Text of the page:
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Saturday, June 6, 2020  Spokane, Washington  Est. May 19, 1883
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Curiously, ‘Benjamin Button’ plays it too safe

Brad Pitt stars in “The Curious Case of Benjamin Button.” Paramount Pictures (Paramount Pictures / The Spokesman-Review)
Brad Pitt stars in “The Curious Case of Benjamin Button.” Paramount Pictures (Paramount Pictures / The Spokesman-Review)
By The Washington Post

‘The Curious Case of Benjamin Button’

Brad Pitt plays the title character, who is born in 1918 as an elderly man, then ages backward through the cataclysmic changes of the 20th century.

Button is a naif, passively moving through the world and meeting colorful characters who continually amaze him and – what else? – teach him how to live. Meanwhile, he nurtures a lifelong love for Daisy, played by Cate Blanchett at her most ethereally beautiful.

Much of the narrative tension derives from watching Pitt drastically alter his appearance, going from a wizened, hunched “E.T.”-like creature to a young man at the height of ripe handsomeness. The movie, directed with a firm hand by David Fincher, is often astonishingly beautiful, but it plays too safe when it should be letting its freak flag fly.

The two-disc edition contains commentary with Fincher and a four-part making-of documentary. (2:45; rated PG-13 for brief war violence, sexual content, profanity and smoking)

‘Last Chance Harvey’

This quiet romantic comedy takes a cinematic chestnut – two people meet fleetingly, spend time together and embark on a tentative romance until fate intervenes – and somehow infuses it with a sense of rue and regret that makes it seem new.

Dustin Hoffman plays the title character, a down-and-out New York-based jingle writer who travels to London for his daughter’s wedding. He’s even shot down by his own daughter, who chooses her stepfather to give her away. But when he meets Kate (Emma Thompson), a mutual recognition of souls transpires.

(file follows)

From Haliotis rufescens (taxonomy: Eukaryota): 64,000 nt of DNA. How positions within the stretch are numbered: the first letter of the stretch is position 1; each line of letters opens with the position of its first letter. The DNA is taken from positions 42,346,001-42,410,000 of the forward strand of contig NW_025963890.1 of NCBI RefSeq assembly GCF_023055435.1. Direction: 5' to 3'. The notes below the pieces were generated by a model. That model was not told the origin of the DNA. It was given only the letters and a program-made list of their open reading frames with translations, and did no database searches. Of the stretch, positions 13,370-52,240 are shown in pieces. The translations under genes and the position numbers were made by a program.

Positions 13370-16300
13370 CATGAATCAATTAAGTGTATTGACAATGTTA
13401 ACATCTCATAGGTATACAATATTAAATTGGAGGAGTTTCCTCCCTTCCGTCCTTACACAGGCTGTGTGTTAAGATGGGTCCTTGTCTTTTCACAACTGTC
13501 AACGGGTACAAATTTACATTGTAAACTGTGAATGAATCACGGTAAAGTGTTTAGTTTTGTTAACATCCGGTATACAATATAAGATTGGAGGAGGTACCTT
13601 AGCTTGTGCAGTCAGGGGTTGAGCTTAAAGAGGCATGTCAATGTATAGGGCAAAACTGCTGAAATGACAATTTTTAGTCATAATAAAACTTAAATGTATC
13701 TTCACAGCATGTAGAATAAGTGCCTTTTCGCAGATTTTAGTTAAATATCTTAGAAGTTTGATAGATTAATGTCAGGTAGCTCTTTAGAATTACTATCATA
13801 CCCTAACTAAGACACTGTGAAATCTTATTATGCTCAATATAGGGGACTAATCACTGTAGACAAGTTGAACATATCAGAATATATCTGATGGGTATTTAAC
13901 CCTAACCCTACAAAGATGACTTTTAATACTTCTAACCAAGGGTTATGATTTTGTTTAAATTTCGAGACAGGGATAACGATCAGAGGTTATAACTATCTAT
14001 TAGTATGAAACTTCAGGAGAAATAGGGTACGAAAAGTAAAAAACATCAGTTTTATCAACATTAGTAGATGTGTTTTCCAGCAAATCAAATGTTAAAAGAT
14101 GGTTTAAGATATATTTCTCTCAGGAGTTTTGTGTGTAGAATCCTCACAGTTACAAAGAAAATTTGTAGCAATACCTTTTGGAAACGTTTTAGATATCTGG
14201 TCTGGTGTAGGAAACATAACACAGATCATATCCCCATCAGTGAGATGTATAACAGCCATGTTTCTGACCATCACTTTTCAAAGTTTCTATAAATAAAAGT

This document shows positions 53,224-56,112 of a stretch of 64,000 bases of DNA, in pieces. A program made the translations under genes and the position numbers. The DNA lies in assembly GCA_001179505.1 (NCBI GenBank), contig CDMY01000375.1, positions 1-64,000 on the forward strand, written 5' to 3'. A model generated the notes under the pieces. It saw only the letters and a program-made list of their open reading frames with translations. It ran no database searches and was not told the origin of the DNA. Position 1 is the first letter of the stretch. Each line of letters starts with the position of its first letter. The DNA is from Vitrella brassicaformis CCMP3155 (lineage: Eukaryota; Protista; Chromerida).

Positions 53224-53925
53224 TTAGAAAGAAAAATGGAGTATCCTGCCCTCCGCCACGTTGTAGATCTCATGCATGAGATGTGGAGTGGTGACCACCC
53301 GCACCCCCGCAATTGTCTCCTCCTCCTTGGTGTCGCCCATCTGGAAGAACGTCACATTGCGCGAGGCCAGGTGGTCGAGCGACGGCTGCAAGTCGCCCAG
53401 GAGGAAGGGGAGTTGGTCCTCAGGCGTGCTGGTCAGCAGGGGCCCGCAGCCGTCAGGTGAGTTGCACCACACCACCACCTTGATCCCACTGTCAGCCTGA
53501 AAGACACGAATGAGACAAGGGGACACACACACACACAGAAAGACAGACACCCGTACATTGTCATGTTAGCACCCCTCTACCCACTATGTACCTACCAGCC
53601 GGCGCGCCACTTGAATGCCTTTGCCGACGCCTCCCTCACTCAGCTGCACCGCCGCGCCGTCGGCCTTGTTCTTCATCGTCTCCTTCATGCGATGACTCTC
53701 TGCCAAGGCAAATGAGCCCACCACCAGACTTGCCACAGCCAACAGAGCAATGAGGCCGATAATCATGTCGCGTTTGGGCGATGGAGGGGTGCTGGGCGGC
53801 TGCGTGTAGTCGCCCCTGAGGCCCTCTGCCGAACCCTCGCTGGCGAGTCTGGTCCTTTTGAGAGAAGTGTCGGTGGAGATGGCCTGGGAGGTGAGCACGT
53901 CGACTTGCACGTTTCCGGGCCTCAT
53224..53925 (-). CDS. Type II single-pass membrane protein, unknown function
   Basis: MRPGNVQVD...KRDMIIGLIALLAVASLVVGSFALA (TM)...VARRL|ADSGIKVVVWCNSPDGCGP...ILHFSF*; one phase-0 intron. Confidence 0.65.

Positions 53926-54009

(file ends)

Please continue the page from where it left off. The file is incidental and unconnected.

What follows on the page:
Thompson and Hoffman develop an easy, unforced chemistry, resulting in a touching portrait of that rarity in the movies: a recognizably human couple with recognizably human problems and quirks.

DVD extras include commentary with writer/director Joel Hopkins, Hoffman and Thompson, and a featurette. (1:39; rated PG-13 for brief strong profanity)

‘Wendy and Lucy’

This deliberately spartan tone poem of need and desperation stars Michelle Williams in a role that is one long moment.

Wendy is trying to make her way from Indiana to Alaska, because she has a vague promise of work in a fish-packing plant. When her Honda breaks down, she’s faced with repair bills she can’t pay.

She steals food for her dog, Lucy, and becomes the victim of a self-righteous store employee: “If a person can’t afford dog food, they shouldn’t have a dog!” Wendy later searches desperately for Lucy, who disappeared while she was under arrest.

Williams’ performance is nuanced and moving, but Wendy is ultimately anonymous, since we are provided almost nothing about her background. (1:20; rated R for vulgarity)

Also available: “Bones: Season 2,” “Chandni Chowk to China,” “Enchanted April,” “Higher Ground,” “Grin Without A Cat,” “Incendiary,” “Ivanhoe,” “Momma’s Man,” “Smother,” “Under the Bombs”

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